Steve Jobs may be the best in the business at mesmerizing a crowd, but Jonathan Schwartz of Sun Microsystems rates consideration as a very serious No. 2.
When it comes to pitching his company, Schwartz is the sort of articulate and passionate CEO that boards covet in these extra-PR-conscious times. Is he all that good? Put to the test, I think he'd have decent odds of convincing a zebra that stripes were yesterday's fashion.
But while Schwartz is steadfast about Sun's ability to achieve great things, the big difference is that Jobs sells cool stuff that its customers consider to be so much better than that offered by the competition. At Sun, well, it remains a slog.
The company just last weekit had lost $209 million in its fiscal second quarter on an 11 percent drop in sales. (If you subtract the special charges, Sun actually would have finished with a 15-cent-per-share profit.)
The earnings report came as a mild upside surprise on Wall Street, which had feared worse after the financial sector's meltdown during the fourth quarter of last year. Still, sales remain headed in the wrong direction as the company has now suffered year-to-year declines in each of its last four quarters. It doesn't help that Sun is getting squeezed from opposite directions with IBM and Hewlett-Packard at the high end of the server business and Dell (and HP again) on the low end.
So I was especially curious how Schwartz would deal with current events when he presented a status update on Sun's business Monday morning. What can I say, but the guy still has the touch.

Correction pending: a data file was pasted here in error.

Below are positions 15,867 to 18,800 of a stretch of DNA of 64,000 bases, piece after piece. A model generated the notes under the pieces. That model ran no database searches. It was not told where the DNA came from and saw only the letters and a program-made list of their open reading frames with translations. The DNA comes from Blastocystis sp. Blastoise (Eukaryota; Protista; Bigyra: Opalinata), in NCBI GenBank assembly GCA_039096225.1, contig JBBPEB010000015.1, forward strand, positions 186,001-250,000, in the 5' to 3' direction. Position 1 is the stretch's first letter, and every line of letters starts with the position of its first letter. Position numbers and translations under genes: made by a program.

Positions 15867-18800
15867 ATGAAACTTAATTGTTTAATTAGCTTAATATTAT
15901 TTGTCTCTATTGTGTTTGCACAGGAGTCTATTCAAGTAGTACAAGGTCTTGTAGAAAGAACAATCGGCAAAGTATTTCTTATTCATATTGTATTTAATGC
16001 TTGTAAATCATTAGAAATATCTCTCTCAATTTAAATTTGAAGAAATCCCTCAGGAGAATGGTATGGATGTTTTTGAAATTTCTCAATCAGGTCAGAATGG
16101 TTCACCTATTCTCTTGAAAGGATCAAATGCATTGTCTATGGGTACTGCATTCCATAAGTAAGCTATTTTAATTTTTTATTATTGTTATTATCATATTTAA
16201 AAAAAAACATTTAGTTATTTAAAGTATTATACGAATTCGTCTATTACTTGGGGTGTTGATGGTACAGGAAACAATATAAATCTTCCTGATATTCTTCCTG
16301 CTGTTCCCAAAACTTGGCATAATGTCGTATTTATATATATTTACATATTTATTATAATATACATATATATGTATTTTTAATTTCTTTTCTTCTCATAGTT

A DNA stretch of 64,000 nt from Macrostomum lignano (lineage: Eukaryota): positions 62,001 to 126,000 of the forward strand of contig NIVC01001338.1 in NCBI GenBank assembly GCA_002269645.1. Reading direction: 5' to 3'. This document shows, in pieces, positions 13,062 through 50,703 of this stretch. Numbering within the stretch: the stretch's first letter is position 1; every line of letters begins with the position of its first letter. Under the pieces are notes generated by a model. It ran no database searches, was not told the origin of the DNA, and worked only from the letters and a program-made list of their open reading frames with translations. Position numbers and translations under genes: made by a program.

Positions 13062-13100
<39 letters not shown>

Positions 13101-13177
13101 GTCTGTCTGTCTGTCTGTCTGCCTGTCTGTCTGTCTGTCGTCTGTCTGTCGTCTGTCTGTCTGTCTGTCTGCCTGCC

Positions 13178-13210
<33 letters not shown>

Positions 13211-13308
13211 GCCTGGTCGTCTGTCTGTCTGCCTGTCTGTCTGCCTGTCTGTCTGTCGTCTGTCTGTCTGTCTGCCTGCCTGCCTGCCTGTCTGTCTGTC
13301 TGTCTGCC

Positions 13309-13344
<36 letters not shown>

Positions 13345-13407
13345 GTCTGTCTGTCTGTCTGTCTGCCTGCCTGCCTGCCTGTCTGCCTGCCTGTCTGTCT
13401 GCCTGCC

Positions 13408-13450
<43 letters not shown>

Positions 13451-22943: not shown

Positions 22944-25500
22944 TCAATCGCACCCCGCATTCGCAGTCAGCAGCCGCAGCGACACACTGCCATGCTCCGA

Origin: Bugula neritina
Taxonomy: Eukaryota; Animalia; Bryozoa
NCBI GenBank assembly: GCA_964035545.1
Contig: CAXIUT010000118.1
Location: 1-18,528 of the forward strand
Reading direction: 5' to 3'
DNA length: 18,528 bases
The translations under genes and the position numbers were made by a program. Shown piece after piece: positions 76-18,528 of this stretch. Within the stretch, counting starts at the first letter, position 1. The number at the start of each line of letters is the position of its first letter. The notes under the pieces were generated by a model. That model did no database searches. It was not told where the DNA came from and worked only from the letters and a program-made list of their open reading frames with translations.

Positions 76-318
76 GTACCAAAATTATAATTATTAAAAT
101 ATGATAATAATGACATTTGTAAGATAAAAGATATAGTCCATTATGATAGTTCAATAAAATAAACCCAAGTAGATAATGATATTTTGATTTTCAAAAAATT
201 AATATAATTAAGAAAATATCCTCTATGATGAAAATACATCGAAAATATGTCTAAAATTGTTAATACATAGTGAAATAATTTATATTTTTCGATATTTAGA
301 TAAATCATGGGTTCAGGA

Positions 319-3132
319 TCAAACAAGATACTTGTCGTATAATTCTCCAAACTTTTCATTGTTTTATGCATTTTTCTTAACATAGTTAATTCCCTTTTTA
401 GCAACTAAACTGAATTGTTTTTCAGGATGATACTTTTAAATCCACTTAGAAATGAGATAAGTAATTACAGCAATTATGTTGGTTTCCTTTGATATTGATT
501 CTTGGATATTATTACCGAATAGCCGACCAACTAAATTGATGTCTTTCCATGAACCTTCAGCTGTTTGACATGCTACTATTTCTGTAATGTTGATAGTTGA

This was a textbook Jonathan "special" where you come away dutifully impressed at his ability to peer through the clouds. As his Schwartz's wont, he liberally dropped mentions of (unnamed) bigwigs at this or that (unnamed) major "financial institution" assuring him that they understood the importance of investing in (presumably, Sun) technology in order to stay ahead.
And there was no shortage of telling anecdotes. At one point, Schwartz related how a "leading" technology decision maker with one of the world's largest financial institutions shared this morsel: Yes, it's reexamining what it spends. Who isn't? The more important intimation: this institution intends to accelerate spending in other areas where it thinks there will be opportunity.
All that was prelude to Schwartz's main argument that technology spending will figure as "a critical part" of the economy's recovery (whenever that might take place.)
What followed was a brilliant disquisition on the role of innovation during times of crisis and how "cloud (computing) was fast becoming the "one conversation people want to have across the world." (I thought it wasbut let's not quibble.) Schwartz's line of argument naturally fed into a scenario marked by sharp demand for more servers and storage, the two product areas which coincidentally pay the bills at Sun.
Truth be told, it was a compelling performance. I just wonder how long it's going to take before the story line ever jibes with facts on the ground. Panglossian optimism has its place, but Sun's CEO insists on painting a sunny picture that never quite takes shape as envisioned. Indeed, he's been painting the cloud computing picture for years now. Then come more losses, layoffs and let downs. Seems that it's been this way since the dot-com bubble burst.
I'm not arguing Sun's in any danger of going under. In fact, it can probably fare quite nicely as a (much) smaller, open-source software company. But that doesn't fit with Schwartz's vision for Sun. And while I am keeping my fingers crossed, the repair of the economy will take quite some time. So at what point do we declare his vision a pipe dream and just move on?